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The Life and Times of Chaucer
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Showing 4 of 4
Is there some law somewhere that biographers of Chaucer are obliged to ignore facts?
Other reviewers have commented on what might be called the aesthetic beauty of this biography. But I can't help but wish that I could
it. Case in point: p. 102: "King Edward, though a small man, was one of the world's greatest jousters." Small man? Best guess is that he was six feet, three inches tall -- at a time when most men were far shorter than today. Nor was Edward III's mother Isabella of France insane at the time Edward III took the throne -- nor, in fact, thereafter. I was constantly chafing as I read the book, with the result that you're reading this review....
The parts about Chaucer himself seem, based on what I can tell from other biographies of the poet, to be slightly more accurate. But I never know what to trust.
All biographies of Chaucer seem to be given to wild flights of imagination -- perhaps because the people inspired to write them are all professors of literature rather than history. But the others I've read (by Pearsall and Howard) at least seem willing to admit facts insofar as they are known. Gardner... doesn't seem to be sure what the word "fact" means.
So enjoy the book -- as the historical fiction it is.
| Jan 19, 2014 |
Although John Gardner is best known as a novelist, he was also a professor of medieval literature at various universities including Oberlin, Northwestern and Bennington, a translator of medieval literature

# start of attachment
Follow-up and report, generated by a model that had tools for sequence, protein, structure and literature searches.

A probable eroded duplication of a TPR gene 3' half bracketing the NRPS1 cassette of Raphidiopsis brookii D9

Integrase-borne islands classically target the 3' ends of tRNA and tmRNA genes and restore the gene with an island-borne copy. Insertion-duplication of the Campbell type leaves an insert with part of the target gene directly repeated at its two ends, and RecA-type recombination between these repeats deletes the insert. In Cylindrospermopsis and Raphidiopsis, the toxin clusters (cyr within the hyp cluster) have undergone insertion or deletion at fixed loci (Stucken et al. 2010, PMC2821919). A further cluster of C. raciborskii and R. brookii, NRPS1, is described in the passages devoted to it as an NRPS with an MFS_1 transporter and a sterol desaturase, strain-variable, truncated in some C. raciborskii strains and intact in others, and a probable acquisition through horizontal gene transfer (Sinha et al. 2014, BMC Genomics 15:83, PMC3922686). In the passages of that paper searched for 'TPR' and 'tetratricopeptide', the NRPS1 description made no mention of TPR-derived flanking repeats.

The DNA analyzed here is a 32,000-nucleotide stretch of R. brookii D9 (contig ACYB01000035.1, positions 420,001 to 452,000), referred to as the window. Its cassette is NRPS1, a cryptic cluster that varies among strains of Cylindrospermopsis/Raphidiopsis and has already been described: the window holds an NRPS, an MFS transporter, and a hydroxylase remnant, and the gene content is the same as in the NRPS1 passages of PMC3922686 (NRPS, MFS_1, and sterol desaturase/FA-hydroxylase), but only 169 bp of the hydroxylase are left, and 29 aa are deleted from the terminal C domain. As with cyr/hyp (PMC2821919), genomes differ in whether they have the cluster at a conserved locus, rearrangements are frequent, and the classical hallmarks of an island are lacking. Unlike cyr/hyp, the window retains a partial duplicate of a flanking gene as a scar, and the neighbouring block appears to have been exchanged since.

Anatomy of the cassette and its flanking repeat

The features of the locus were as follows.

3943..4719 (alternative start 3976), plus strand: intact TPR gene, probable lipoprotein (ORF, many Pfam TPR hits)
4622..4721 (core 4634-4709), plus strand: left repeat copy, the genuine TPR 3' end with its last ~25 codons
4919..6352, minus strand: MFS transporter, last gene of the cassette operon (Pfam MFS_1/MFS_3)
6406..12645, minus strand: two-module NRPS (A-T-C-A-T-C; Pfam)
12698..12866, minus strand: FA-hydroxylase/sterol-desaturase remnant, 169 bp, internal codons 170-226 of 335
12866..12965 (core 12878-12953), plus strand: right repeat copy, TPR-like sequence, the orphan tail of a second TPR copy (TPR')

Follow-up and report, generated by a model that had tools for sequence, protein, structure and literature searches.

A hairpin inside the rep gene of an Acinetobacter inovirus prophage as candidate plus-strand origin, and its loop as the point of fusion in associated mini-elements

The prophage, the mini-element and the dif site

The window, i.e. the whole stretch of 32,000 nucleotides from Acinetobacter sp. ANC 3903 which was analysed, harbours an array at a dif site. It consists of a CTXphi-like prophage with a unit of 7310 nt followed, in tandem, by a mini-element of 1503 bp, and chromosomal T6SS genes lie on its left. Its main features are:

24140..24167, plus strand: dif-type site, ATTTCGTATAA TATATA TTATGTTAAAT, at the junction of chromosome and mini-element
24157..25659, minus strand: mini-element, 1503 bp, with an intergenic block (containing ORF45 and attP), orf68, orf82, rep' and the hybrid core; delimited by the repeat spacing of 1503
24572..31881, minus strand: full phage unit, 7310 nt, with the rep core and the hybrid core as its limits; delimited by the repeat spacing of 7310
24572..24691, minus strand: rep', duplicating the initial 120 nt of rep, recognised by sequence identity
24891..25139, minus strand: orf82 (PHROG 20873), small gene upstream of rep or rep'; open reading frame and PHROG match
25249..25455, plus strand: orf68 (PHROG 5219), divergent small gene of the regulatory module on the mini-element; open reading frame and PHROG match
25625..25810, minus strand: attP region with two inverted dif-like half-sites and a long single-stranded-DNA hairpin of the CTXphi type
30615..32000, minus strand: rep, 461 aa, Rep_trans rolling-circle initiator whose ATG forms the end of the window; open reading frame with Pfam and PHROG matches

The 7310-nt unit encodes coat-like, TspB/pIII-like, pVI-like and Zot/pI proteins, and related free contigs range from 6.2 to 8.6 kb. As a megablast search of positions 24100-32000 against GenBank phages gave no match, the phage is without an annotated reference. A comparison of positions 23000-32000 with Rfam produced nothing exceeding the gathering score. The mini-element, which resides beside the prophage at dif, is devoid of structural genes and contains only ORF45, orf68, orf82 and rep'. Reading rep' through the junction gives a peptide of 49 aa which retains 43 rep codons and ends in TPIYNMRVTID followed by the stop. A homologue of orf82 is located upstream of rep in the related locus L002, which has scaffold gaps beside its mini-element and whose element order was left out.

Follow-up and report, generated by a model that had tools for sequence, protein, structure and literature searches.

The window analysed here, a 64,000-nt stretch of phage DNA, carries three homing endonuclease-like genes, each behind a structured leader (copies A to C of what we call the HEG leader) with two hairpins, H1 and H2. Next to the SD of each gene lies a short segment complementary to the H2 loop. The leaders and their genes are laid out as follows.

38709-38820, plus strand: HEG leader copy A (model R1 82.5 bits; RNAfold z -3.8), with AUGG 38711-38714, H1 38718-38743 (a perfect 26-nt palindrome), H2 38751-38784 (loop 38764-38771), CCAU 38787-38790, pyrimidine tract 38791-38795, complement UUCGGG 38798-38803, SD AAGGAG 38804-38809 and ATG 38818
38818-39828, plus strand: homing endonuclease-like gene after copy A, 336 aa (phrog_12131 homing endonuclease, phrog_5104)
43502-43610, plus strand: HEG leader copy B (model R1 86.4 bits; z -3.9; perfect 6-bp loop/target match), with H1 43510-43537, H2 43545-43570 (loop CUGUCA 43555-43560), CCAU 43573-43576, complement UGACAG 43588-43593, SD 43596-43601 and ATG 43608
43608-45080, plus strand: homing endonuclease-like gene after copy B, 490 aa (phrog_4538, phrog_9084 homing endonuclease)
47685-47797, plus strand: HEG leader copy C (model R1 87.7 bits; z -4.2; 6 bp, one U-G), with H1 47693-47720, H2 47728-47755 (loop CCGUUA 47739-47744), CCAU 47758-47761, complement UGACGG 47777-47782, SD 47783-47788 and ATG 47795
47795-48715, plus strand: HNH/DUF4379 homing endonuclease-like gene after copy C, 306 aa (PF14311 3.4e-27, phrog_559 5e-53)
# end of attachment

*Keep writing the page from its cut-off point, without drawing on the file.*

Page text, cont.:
The Complete Works of the Gawain Poet
, and a scholar. His biography of Geoffrey Chaucer, published in 1977, is a rich trove of information about not only the poet, but about 14th century English life and the Plantagenet courts of Edward III, Richard II, and, to a lesser extent of Henry IV.
It's a dense piece of chocolate cake for any lover of Chaucer. Gardner explores the poet's relationship with the mercantile life of London into which he was born and made his way; the scholarship and philosophy of the universities whose ideas he mined; the humanism of Petrarch's and Boccaccio's Italy where he went on diplomatic missions; his close friendship with John of Gaunt (more later), kingmaker and son of Edward III; and most importantly, his innovations and inventions of English poetry. Chaucer is undoubtedly, the father of English poetry -- in a century in which English was, after the Norman conquest, finally being recognized as the language of the land.
Gardner's biography is a biography written by a novelist. He speculates about what Chaucer must have thought and how he proceeded in the treacherous world of 14th c. England. Yet his speculations are grounded in serious scholarship and reflections in Chaucer's own writings. There is ample reference to his poetry to support Gardner's assertions about Chaucer's observations and experience.
Perhaps the most interesting personal relationship is that between Chaucer and John of Gaunt. They were close contemporaries -- both born about 1340 (John of Gaunt's birth is recorded, Chaucer's may have been a year or two later). Gaunt died in 1399, Chaucer in 1400.